Consolidated Industries, Inc., Joseph C. Valentine Andshirley R. Valentine, Ronald J. Clayton and Janeh. Clayton, Petitioners, v. Commissioner of Internal Revenue, Respondent, 767 F.2d 41 (2d Cir. 1985)

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US Court of Appeals for the Second Circuit - 767 F.2d 41 (2d Cir. 1985) Argued June 6, 1985. Decided July 26, 1985

Karl Fryzel, Boston, Mass. (Chester M. Howe, Gaston Snow & Ely Bartlett, Boston, Mass., of counsel), for petitioners.

Kenneth Greene, Tax Div., Dept. of Justice, Washington, D.C. (Glenn L. Archer, Jr., Asst. Atty. Gen., Michael L. Paup, Jonathan S. Cohen, William A. Whitledge, Tax Div., Dept. of Justice, Washington, D.C., of counsel), for respondent.

Before MANSFIELD, MESKILL and NEWMAN, Circuit Judges.

PER CURIAM.


Consolidated Industries, Inc., a Connecticut corporation, its shareholders, Joseph C. Valentine and Ronald J. Clayton, and their wives, appeal from decisions of the United States Tax Court dated January 16, 1985 involving deficiencies in the income tax liabilities of the individual petitioners.

The corporation is an accrual basis, calendar year taxpayer. The individual taxpayers are officers of the corporation and own all of its stock. In 1976 the corporation elected to be taxed under Subchapter S of the Internal Revenue Code which permits its profits to be passed through and taxed to the shareholders instead of to the corporation.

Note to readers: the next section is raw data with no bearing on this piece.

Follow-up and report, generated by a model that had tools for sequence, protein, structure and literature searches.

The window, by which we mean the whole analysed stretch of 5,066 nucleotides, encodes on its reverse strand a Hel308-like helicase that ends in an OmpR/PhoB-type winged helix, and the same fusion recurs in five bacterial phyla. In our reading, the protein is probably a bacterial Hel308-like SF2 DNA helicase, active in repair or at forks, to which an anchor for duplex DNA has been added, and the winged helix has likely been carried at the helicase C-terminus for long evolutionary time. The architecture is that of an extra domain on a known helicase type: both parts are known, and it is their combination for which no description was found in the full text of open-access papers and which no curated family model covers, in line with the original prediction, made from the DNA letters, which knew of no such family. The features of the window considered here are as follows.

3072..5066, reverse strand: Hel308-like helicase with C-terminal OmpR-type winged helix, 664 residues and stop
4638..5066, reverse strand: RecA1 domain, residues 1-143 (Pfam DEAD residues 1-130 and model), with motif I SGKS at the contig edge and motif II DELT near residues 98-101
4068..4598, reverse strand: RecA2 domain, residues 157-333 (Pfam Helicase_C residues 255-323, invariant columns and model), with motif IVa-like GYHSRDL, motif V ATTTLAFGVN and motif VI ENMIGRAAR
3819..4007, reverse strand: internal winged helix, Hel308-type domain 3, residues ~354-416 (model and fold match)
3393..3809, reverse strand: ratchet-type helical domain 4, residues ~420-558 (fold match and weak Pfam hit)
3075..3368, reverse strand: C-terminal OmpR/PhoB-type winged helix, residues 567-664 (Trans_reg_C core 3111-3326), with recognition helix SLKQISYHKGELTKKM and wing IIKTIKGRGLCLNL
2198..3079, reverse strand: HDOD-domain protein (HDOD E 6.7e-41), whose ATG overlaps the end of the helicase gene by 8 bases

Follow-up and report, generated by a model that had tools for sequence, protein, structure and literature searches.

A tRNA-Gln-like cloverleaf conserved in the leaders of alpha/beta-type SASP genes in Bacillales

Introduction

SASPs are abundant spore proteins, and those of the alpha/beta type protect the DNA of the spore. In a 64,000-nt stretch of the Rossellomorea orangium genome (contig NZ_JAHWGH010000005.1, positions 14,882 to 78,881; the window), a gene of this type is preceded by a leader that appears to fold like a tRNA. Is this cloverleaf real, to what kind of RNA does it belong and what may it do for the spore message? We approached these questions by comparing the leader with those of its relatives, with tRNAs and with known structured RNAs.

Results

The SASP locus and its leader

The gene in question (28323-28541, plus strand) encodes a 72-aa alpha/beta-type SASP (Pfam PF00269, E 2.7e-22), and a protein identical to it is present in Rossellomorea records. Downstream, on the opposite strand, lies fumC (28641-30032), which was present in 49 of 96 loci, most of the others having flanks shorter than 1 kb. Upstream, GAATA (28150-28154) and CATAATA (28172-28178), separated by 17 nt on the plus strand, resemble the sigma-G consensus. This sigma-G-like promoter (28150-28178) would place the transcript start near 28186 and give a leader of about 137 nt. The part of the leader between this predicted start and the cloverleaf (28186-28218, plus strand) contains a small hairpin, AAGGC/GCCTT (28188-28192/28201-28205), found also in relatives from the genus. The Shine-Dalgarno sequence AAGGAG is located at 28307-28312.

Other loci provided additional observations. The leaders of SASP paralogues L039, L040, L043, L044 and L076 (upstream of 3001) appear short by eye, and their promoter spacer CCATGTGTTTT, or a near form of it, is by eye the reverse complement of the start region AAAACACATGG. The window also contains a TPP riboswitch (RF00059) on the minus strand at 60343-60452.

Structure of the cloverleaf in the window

In 1976 the corporation claimed a substantial deduction for accrued salaries paid or to be paid to the individual taxpayers. In August 1980 the Commissioner disallowed a portion of those deductions as unreasonable compensation and increased the corporation's undistributed taxable income by the same amounts. Deficiencies were determined against the shareholders with respect to the undistributed taxable income of the corporation. This determination was contested in the petition to the tax court, and after negotiations the parties were able to reach a settlement of all of the issues, including the unreasonable compensation issue.

On December 30, 1982, some four months before the stipulation disposing of the unreasonable compensation issue was filed in the tax court, the corporation filed an amended 1976 Connecticut state tax return showing additional income in the amount of $272,700 and paid an additional state tax in the amount of $27,170. The corporation advised the state that it would file a subsequent amended return when the federal audit changes were finalized.

On February 16, 1983, the individual taxpayers each filed an amendment to his tax court petition, asserting that the distribution from the corporation's undistributed income taxable to him in 1976 should be reduced to reflect a deduction for the increased 1976 state tax liabilities. The tax court refused to permit the corporation to reduce its 1976 federal tax liability to reflect the increased 1976 state tax liability incurred by virtue of the settlement.

The tax court held that taxpayers' contest of the federal tax liability was also a contest of the Connecticut state tax liability and thus concluded that the increased Connecticut tax liability for 1976 was not deductible until the year in which the federal contest was settled.

We affirm the decisions of the tax court for the reasons spelled out in its opinion reported at 82 T.C. 477 (1985).